It is believed that everything happens for a reason. People change so that things can be
learned to let go, things go wrong so that they can be appreciated when they go right, lies are
believed so eventually people learn to trust no one but themselves. Sometimes good things fall
apart so better things can fall together. In the book, Hamlet, by William Shakespeare he
recognizes that people change, and often, they become the person they said they’d never be.
Shakespeare illustrates Hamlet as a respectable dignified human although, as the play progresses
he alters Hamlet’s mindset, making him obsessed with back stabbing and betrayal, to establish
that betrayal becomes an addictive cycle by showing that once betrayed by someone you must
then betray them. Hamlets obsession with betrayal comes from his father’s murder and his
mother’s incest. These are the main problems that lead to his decline and insanity throughout the
Hamlet is introduced as very straightforward in his actions and his role. When his mother
questions him, he is blunt and is honest about his grief. "All that lives must die,
Passing through nature to eternity.” (I.II.) By saying things like this, Hamlet lets Gertrude know
that he is what she sees, torn over his father’s death. Later, he makes a clear statement about his
state of mind when he commits himself to revenge. "I’ll wipe away all trivial fond records, all
saws of books, all forms, all pressures past, that youth and observation copied there, and thy
commandment all alone shall live within the book and volume of my brain" (I.V.100-104).
Hamlet is declaring that he will be committed to nothing else but the revenge of his father’s
death. This makes him dignified and respected because of how he promises to avenge his father.
There is no confusion about Hamlet’s character in Act One. He has said earlier that he is what he
appears to be, and there is no reason to doubt it.
Hamlet’s struggle to exact revenge is first revealed when he examines the words of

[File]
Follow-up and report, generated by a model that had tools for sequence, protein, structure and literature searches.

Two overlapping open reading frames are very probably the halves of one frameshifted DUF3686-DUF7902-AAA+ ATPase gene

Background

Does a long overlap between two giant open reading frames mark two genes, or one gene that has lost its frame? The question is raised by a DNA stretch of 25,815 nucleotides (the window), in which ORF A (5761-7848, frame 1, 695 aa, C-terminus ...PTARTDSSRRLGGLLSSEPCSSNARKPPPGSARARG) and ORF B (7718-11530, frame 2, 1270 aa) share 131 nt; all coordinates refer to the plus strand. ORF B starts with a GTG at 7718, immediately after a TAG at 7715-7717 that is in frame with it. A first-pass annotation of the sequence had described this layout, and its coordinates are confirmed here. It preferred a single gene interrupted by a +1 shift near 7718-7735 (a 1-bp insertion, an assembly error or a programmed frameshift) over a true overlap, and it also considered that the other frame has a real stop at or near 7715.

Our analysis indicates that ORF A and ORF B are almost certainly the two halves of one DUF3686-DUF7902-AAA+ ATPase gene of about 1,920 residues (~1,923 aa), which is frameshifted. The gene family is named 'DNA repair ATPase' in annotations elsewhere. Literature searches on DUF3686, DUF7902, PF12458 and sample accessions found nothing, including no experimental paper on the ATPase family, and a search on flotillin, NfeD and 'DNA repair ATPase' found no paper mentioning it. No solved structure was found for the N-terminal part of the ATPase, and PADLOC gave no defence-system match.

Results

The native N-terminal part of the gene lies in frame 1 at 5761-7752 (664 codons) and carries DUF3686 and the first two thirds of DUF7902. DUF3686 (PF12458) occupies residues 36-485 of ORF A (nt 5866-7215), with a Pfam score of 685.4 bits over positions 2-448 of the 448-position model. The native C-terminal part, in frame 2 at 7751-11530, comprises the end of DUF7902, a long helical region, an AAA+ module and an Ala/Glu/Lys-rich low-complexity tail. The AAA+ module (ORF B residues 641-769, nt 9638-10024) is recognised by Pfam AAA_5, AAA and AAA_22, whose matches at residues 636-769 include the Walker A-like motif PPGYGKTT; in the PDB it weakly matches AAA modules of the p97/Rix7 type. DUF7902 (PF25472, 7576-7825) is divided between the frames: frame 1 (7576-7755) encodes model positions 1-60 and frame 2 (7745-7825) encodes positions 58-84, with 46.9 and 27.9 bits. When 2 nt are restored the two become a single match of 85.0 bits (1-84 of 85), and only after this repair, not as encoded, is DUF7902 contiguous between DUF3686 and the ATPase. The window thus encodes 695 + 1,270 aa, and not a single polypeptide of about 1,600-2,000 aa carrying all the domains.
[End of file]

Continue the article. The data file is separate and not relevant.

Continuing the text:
the ghost. Before the confrontation with the ghost Hamlet’s intentions were clear and his
motivation was at its highest. Hamlet’s interaction with the ghost leads him to question its
intentions. He says to Rosencrantz and Guildenstern, “There is nothing good or bad but thinking
makes it so.” (II.ii.239) Hamlet then faces the internal struggle of if he is making the right
decision by avenging his father and if it attends to his moral beliefs. He reveals to his fellow men
that he struggles with thought and determining if what the ghost bestowed him is morally true or
deception. "It is not, nor it cannot come to good.”(I.II) This is the beginning to the change in his
personality and moral character. Hamlet is able to see that the information contained in what the
ghost has told him is most likely true, but his sense of morality still needs concrete proof of his
Uncle’s guilt. He is no longer the once self motivated, persistent Hamlet he was at the beginning
of the story.
After Hamlet’s conversation with Rosencrantz and Guildenstern, he is thrown into a state
of confusion. This lack of trust in them, then propels Hamlet into a lack of trust in society. "This
above all: to thine own self be true” (I.III)He constantly fears he is being watched, he hears
rumors and knows of wrongs done by royalty, over all, he is shoved into a life full of lies and
corruption. If that alone isn't enough